THERE were times when it felt like the lockdown would never end.
The quietness, as the saying goes, was deafening. It felt like everything had changed forever.
Now, and it seems so quickly, everything is back.
The roads are busy again. People are back at work. The shops have reopened.
Even the pubs, or some of them at least, are serving.
Things aren’t normal, they aren’t quite like they were, but it feels a lot like it used to.
We might have to go back, of course, might have our own version of Leicester, but as of now Ireland feels a lot like Ireland again.
Without, though, the tourists.
There’s the odd UK car on the road, though they were spotted even during the lockdown, but that’s about it.
If you listened, though, to Ryanair we’d all now be hopping on planes and going on holiday.
We’d all be taking our annual summer holidays as if Covid-19 had never happened.
Michael O’Leary, once talked up by so many as the man who should be running the country, insists that whatever the health experts say he knows better.
He even recently argued with a radio host on RTE who pointed out that we might be better off taking our health advice from medics rather than a man who runs an airline.
So even as Tony Holohan, the Chief Medical Officer for the entire country, urged people not to travel abroad in their own interest and in the collective interest, Ryanair just wants us all back on those planes.
Health is one thing but this is so nakedly about money that Michael O’Leary, if you ever had any doubts, clearly puts cash above everything.
Above you and your family’s wellbeing, that’s for sure.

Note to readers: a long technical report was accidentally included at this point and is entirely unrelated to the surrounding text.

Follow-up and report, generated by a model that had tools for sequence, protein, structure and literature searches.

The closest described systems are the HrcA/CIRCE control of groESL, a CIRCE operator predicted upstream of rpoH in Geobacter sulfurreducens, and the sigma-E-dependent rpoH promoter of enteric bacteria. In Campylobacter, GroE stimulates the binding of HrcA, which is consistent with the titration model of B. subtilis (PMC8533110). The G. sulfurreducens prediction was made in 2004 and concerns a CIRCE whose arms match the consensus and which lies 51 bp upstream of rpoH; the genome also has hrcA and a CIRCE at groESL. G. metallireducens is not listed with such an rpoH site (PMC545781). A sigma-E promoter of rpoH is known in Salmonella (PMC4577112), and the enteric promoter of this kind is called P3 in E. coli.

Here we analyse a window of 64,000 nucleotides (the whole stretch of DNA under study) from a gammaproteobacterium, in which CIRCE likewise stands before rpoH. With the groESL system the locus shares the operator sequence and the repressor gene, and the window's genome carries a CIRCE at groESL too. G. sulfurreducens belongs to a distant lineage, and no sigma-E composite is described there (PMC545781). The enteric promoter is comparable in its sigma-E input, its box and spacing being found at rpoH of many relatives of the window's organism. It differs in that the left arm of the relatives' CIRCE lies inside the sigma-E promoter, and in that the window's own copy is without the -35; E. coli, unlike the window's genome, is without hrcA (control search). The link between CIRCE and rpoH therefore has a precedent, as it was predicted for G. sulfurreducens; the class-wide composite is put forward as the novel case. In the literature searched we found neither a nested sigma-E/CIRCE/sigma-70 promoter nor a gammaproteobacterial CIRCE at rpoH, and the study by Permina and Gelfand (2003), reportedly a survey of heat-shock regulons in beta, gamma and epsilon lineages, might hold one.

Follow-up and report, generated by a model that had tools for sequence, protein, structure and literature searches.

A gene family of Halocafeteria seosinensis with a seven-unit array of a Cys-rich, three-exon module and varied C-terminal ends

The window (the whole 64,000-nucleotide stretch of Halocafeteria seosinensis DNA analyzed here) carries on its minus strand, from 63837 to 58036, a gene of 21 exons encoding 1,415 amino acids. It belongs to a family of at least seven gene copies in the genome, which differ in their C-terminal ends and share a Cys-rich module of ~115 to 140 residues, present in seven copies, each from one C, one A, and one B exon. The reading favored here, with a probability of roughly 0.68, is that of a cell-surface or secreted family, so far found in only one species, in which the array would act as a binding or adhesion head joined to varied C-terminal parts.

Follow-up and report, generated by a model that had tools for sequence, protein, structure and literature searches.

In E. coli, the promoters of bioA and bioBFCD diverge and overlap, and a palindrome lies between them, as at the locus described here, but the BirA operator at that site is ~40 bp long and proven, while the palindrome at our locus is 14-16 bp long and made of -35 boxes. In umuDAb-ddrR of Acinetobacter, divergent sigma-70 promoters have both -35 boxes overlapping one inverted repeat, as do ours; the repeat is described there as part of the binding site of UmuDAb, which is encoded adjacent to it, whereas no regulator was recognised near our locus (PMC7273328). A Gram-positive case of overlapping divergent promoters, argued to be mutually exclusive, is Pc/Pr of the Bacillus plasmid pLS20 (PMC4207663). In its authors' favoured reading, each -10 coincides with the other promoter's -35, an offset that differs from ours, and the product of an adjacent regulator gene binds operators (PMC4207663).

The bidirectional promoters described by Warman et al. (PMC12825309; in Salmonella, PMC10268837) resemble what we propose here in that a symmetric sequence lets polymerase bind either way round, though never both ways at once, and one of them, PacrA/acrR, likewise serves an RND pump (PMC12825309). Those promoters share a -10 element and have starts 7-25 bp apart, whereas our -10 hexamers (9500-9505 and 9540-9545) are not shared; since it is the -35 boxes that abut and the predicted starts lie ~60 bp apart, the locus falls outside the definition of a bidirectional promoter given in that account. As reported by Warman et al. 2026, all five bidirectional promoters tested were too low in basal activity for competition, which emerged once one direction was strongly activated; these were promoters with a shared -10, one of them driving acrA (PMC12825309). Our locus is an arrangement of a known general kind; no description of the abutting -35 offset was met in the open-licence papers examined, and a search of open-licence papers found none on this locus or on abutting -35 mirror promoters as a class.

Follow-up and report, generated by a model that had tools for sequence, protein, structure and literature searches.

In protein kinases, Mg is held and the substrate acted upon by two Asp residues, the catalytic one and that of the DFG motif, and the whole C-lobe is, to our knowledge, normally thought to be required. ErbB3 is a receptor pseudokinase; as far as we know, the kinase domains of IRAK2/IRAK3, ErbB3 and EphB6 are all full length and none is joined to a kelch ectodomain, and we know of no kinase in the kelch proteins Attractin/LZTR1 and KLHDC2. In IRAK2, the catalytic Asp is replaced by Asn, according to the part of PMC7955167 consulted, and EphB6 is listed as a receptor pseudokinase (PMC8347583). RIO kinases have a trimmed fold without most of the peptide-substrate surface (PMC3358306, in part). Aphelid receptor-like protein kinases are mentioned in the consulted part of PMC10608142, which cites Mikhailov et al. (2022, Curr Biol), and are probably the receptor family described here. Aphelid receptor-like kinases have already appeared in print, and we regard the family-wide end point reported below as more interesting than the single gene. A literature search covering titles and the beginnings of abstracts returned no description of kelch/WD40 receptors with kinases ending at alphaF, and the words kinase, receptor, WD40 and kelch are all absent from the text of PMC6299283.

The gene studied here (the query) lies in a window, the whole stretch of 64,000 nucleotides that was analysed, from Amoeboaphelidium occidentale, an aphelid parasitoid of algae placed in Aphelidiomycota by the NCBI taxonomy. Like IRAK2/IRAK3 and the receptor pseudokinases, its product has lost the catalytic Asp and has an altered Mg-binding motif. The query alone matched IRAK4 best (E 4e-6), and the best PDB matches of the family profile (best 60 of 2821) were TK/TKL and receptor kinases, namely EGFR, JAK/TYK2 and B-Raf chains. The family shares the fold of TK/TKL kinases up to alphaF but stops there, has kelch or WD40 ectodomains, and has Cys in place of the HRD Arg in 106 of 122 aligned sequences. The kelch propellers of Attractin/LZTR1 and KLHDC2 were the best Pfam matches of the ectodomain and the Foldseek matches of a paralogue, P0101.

But are we really that desperate? Are we really that spoilt?
After all we are only being asked to miss one summer holiday and in doing so protect all the sacrifices we made during lockdown in the first place.
In the face of a global pandemic that doesn’t sound like the most heroic of sacrifices.
Of course there are people working in Ryanair and in the wider tourist industry whose jobs must be under threat, but can we really risk our health on that basis?
Certainly, does anyone want to risk their life to satisfy Michael O’Leary’s greed?
We’ve all at this stage seen the scenes of overcrowding at beaches around the UK and, to a lesser extent, here in Ireland.
So much of that is understandable. And so much of it too is ridiculous.
As adults surely we can make decisions wisely. We can be expected to act in a grown up way. Unfortunately those who can’t be trusted have collided with a severe government misstep.
In the hullabaloo over our historic civil war ending government of Fianna Fáil/Fine Gael something has gone missing.
The Chief Medical Officer is pleading with us not to travel just as the planes are on the runway and ready to go.
It is as if a garda has stopped you and said you can travel on this road at 200mph but please don’t. Some fool is going to do the 200, aren’t they?
When the consequences could be so fatal what harm would there be in the government introducing a travel ban for the rest of the year?
It won’t please Michael O’Leary but it would save lives.
I will always remember at the height of the Celtic Tiger that there was a woman on the radio outraged about how her family holiday to Lapland had not lived up to expectations.
We had reached peak Celtic Tiger daftness. Surely we are past all that now.
Surely the economic collapse and a global pandemic have taught us all about priorities.
Surely being asked to go to Kerry or Donegal or Clare instead of Spain or France isn’t too much of an ask?
Surely after everything we’ve been through we can forego a summer holiday?
Irish society responded so well to the restrictions of lockdown and there was a remarkable cohesion between government and people.
It would be more than a shame if we sacrificed that and so much more for a sun lounger and a cold beer.